Moon’s request was met with reluctance from Russian President Vladimir Putin, however, who condemned the North’s tests but urged diplomatic talks.
Putin’s stance underscored the challenges for the West and its allies to win U.N. Security Council approval for tougher economic pressures on the North. Russia and China — both permanent Security Council members — have criticized North Korea’s defiance over its nuclear and missile tests, but appear to emphasize diplomatic outreach rather than more sanctions.
The newly elected South Korean president has requested the U.N. Security Council consider tough new sanctions on North Korea to block its sources of foreign income, including cutting off its crude oil supply and banning its workers from being sent abroad.
During an economic summit Wednesday in Vladivostok, Russia, Moon urged Putin and Chinese President Xi Jinping to support intensifying U.N. sanctions on North Korea to at least bring North Korea on a track to dialogue, Moon’s spokesman Yoon Young-chan said.
“The president asked Russia to help, noting it was imperative to at least cut off oil supplies to North Korea this time,” the spokesman said.
About 90 percent of North Korean trade goes through China, which is also North Korea’s main source of fuel. But China does not publicly disclose details about its oil exports to North Korea. The U.S. Energy Information Administration estimated that North Korea imports about 10,000 barrels per day.
Moon noted that North Korea was once forced to multilateral negotiations after China cut off its oil supplies for three days in 2003 in response to nuclear tests. At the time, China said the suspension was necessary for technical reasons, but was also meant as a “tough message.”
However, analysts have said China would be reluctant to agree to sanctions that could seriously destabilize its North Korean client state — such as cutting off oil permanently or for a significant period of time — because China’s primary concern is stability on its borders.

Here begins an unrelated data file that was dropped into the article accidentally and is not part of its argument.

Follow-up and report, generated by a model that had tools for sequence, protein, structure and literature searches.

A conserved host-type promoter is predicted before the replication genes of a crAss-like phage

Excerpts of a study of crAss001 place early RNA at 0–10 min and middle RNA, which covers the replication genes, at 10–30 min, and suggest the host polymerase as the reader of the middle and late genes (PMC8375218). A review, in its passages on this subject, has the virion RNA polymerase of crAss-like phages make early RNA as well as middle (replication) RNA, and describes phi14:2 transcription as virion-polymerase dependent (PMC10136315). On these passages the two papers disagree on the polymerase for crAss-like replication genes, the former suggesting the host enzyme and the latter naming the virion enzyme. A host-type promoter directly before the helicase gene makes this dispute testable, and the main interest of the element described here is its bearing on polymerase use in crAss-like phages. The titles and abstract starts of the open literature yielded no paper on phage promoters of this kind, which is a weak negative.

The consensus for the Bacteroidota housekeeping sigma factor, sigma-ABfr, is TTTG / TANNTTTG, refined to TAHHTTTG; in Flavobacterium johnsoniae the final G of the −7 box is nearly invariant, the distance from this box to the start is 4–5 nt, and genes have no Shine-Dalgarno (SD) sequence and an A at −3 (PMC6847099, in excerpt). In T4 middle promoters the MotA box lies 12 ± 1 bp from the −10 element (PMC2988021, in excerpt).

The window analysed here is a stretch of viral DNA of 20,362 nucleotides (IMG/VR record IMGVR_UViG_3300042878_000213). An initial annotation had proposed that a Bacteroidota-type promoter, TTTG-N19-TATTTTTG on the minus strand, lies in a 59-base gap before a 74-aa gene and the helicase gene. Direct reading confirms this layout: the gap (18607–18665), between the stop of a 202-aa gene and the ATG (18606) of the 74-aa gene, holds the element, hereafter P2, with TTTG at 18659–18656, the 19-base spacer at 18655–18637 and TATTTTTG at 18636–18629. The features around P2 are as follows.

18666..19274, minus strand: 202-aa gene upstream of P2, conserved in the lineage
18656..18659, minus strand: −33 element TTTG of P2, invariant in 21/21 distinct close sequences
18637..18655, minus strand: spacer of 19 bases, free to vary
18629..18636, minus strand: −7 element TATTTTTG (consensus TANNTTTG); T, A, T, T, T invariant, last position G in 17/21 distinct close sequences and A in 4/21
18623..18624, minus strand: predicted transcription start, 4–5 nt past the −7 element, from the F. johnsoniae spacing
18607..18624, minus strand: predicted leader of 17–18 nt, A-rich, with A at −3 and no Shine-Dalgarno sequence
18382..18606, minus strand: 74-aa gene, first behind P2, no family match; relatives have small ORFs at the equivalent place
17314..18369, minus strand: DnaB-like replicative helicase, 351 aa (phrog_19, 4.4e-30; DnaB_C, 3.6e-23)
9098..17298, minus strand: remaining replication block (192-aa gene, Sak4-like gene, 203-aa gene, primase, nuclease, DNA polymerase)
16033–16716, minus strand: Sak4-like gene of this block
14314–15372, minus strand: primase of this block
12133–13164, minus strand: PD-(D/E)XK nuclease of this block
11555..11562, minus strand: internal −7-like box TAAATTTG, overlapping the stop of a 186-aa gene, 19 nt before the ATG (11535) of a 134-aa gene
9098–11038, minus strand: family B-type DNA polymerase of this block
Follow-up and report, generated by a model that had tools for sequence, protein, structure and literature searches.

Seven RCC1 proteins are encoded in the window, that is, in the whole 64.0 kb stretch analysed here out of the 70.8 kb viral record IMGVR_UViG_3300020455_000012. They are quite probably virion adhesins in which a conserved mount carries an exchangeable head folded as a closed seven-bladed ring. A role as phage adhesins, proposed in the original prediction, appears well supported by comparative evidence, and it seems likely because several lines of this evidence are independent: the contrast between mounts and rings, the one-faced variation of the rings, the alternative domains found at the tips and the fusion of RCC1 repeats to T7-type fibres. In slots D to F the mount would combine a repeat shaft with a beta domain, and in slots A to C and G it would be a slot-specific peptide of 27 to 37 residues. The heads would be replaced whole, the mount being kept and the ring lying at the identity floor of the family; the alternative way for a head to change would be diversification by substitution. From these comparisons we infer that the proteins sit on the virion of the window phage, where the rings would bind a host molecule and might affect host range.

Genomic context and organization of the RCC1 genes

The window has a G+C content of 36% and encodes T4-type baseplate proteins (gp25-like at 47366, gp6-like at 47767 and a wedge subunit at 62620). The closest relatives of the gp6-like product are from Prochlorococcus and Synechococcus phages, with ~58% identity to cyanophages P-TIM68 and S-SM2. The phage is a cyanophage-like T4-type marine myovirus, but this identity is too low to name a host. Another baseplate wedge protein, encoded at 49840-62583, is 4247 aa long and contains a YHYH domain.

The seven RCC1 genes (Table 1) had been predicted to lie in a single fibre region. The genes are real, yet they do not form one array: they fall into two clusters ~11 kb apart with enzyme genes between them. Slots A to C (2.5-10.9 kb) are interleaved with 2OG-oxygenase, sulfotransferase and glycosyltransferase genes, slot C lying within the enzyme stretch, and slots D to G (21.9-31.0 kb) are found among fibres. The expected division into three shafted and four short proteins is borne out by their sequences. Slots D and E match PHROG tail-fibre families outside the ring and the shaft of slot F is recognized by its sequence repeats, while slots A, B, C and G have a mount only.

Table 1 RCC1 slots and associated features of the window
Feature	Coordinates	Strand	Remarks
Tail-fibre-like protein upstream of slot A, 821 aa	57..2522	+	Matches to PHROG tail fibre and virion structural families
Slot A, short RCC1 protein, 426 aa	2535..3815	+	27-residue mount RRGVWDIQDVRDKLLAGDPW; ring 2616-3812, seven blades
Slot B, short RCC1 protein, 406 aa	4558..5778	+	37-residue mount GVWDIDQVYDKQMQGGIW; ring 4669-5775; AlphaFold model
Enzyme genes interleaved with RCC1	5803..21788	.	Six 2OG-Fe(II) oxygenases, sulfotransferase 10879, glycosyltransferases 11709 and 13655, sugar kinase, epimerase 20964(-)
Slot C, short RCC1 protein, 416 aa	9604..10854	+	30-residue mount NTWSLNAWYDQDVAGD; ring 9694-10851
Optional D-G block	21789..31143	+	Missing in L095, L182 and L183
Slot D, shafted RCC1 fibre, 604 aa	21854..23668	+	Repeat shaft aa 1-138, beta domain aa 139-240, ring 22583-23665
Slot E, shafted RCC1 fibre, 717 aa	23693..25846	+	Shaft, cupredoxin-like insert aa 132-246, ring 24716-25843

Sanctions have done little to alter North Korean behavior, or stop it from building up its nuclear and missile program. In response to two North Korean intercontinental ballistic missile tests in July, the U.N. Security Council unanimously imposed bans on various North Korean exports, including coal, iron and seafood.
North Korea conducted its sixth and most powerful nuclear test to date on Sunday, detonating a device that it claimed was a hydrogen bomb designed to be carried by a long-range missile capable of reaching mainland United States.
South Korean officials have also reported signs of another missile test in the works, possibly a long-range launch set for this weekend.
At a joint news conference following his meeting with Moon, Putin condemned North Korea’s tests, calling Pyongyang’s missile and nuclear program a “crude violation of U.N. Security Council resolutions, undermines the nonproliferation regime and creates a threat to the security of northeastern Asia.”
But Putin was reluctant to support Moon’s push for harsher sanctions.
“However, I am concerned cutting off oil supplies to North Korea may cause damage to people in hospitals or other ordinary citizens,” Putin added, according Yoon’s briefing to reporters.
Putin maintained it was impossible to resolve the North Korean crisis with sanctions and pressure alone, and urged diplomatic solutions.